Transportation Safety:

Medical Certification and Background Check Requirements for Pilots, Vessel Masters, and Commercial Drivers Vary

GAO-08-421R: Published: Feb 27, 2008. Publicly Released: Feb 27, 2008.

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Susan A. Fleming
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Federal laws and regulations require that safety-related transportation professionals undergo screening to ensure that they can safely perform their jobs. Medical certification and background checks of selected pilots, vessel masters, and commercial drivers are part of the requirements for licensing these workers. Certification or licensing also includes testing workers' knowledge and skills required for the jobs. These checks are critical because physically or mentally unfit transportation workers pose a danger to themselves and to the public. Because of concerns raised by recent investigations of the reliability of pilot medical certifications, Congress asked us to first describe the requirements for medical and background checks for selected transportation workers. Accordingly, we addressed the following questions for (1) medical certification and (2) background checks: What are the regulations governing pilots, vessel masters, and commercial drivers and what role do government entities have in completing the certifications and background checks? A second report, which will be issued mid-2008, will provide information about the steps that the Federal Aviation Administration (FAA) takes to check the accuracy of pilot medical certificates. Federal regulations require that pilots have both pilot certificates and medical certificates prior to operating an aircraft and meet several requirements, depending on the level of certificate FAA issues the applicant. Coast Guard issues merchant mariner licenses and documents to officers such as vessel masters only after they meet certain regulatory requirements. For example, officers must meet physical requirements, pass written knowledge tests, and have specified amounts and types of experience and training, among other requirements. Vessel masters also must undergo certain background checks prior to obtaining a license or document to ensure they can safely assume the responsibilities of a credentialed mariner, do not present a threat to national or transportation security, and do not have connections to terrorism. Drivers of commercial motor vehicles must meet federal minimum requirements before operating a commercial vehicle. FMCSA develops requirements for operating commercial vehicles while states issue commercial drivers' licenses. Federal regulations also require that state driver licensing agencies check applicants' driving records for safety violations before issuing a commercial driver's license and that motor carriers check drivers' employment histories before hiring them. In addition, federal regulations require that TSA complete a security check for drivers seeking an endorsement to haul hazardous materials.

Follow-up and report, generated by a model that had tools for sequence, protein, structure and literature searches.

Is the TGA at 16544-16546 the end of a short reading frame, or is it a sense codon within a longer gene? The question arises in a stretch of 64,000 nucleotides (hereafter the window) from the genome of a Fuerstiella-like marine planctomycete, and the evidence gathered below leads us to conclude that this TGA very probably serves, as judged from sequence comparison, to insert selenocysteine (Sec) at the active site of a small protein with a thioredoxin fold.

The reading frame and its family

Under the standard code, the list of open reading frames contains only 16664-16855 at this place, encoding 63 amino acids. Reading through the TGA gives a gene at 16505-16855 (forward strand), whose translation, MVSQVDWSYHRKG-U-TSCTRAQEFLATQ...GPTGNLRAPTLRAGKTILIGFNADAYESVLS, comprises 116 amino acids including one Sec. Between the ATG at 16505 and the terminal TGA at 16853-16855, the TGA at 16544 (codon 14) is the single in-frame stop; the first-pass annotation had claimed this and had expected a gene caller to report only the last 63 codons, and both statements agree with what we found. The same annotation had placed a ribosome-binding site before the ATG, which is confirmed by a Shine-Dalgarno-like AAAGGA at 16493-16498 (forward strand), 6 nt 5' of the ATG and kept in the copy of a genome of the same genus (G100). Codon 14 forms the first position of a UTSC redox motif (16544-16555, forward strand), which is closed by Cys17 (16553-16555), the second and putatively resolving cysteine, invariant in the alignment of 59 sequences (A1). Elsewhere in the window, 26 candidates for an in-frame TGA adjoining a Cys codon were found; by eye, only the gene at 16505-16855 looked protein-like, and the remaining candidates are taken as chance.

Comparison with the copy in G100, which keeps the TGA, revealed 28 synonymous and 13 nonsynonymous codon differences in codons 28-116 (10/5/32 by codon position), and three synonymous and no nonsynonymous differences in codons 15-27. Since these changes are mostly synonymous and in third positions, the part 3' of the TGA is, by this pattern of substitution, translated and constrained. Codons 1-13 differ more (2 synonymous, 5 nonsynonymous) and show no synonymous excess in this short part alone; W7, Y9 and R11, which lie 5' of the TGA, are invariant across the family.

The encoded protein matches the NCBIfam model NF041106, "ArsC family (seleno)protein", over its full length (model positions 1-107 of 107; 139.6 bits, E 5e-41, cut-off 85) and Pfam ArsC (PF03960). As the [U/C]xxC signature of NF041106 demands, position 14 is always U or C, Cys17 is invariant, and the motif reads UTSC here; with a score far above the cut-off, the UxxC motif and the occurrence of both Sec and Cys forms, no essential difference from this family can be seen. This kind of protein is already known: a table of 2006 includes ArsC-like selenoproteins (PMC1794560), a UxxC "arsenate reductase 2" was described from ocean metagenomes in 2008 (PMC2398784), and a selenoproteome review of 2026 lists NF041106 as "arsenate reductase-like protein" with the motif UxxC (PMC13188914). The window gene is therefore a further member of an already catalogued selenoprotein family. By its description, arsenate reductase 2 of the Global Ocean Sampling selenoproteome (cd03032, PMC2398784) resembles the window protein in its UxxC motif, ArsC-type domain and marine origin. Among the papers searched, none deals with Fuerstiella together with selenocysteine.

Federal regulations require that pilots, vessel masters, and commercial drivers undergo physical examinations by licensed physicians or other health care professionals to ensure they meet minimum physical fitness standards. Vessel masters and commercial drivers select licensed medical professionals to complete the exam while pilots need to be examined by an FAA-certified aviation medical examiner. For these workers, the physical examination generally entails a review of the applicant's medical history, including prescribed medication, and a physical examination, including testing the applicant's vision and hearing acuity and measuring heart rate and blood pressure. Medical professionals generally look for signs of pathological or disqualifying conditions such as heart disease; diabetes; impaired vision or hearing; psychosis; drug or alcohol dependence; and any disease, condition, defect, or treatment that prevents or could prevent the applicant from safely performing his or her duties. For pilots and commercial drivers, the aviation medical examiner or licensed medical examiner, respectively, issues the medical certificates in cases where applicants pass a physical examination. Coast Guard issues mariner credentials for vessel masters once it receives and reviews a completed medical examination report from a licensed medical professional, when the applicant is found qualified in all other respects. TSA and Coast Guard are responsible for conducting background checks for selected pilots and vessel masters, respectively, while FMCSA is responsible for checking that state driver licensing agencies do not issue commercial licenses to drivers that have not undergone required checks. For example, TSA conducts criminal history and security checks for pilots working for aircraft operators and those requiring unescorted access to sensitive areas in commercial airports and vessel master license applicants applying for a Transportation Worker Identification Credential to ensure they are not threats to national and transportation security. Coast Guard checks license applicants' criminal histories and driving records for convictions. The agencies complete the background checks for both pilots and vessel masters using many of the same databases. For example, criminal background checks for both positions make use of the Federal Bureau of Investigation Criminal Justice Information Center databases, as well as the National Driver Register. TSA's security checks for selected pilots and vessel masters include use of terrorist, criminal, and immigration watch lists. Unlike FAA and Coast Guard, FMCSA has no direct role in conducting background checks of commercial drivers.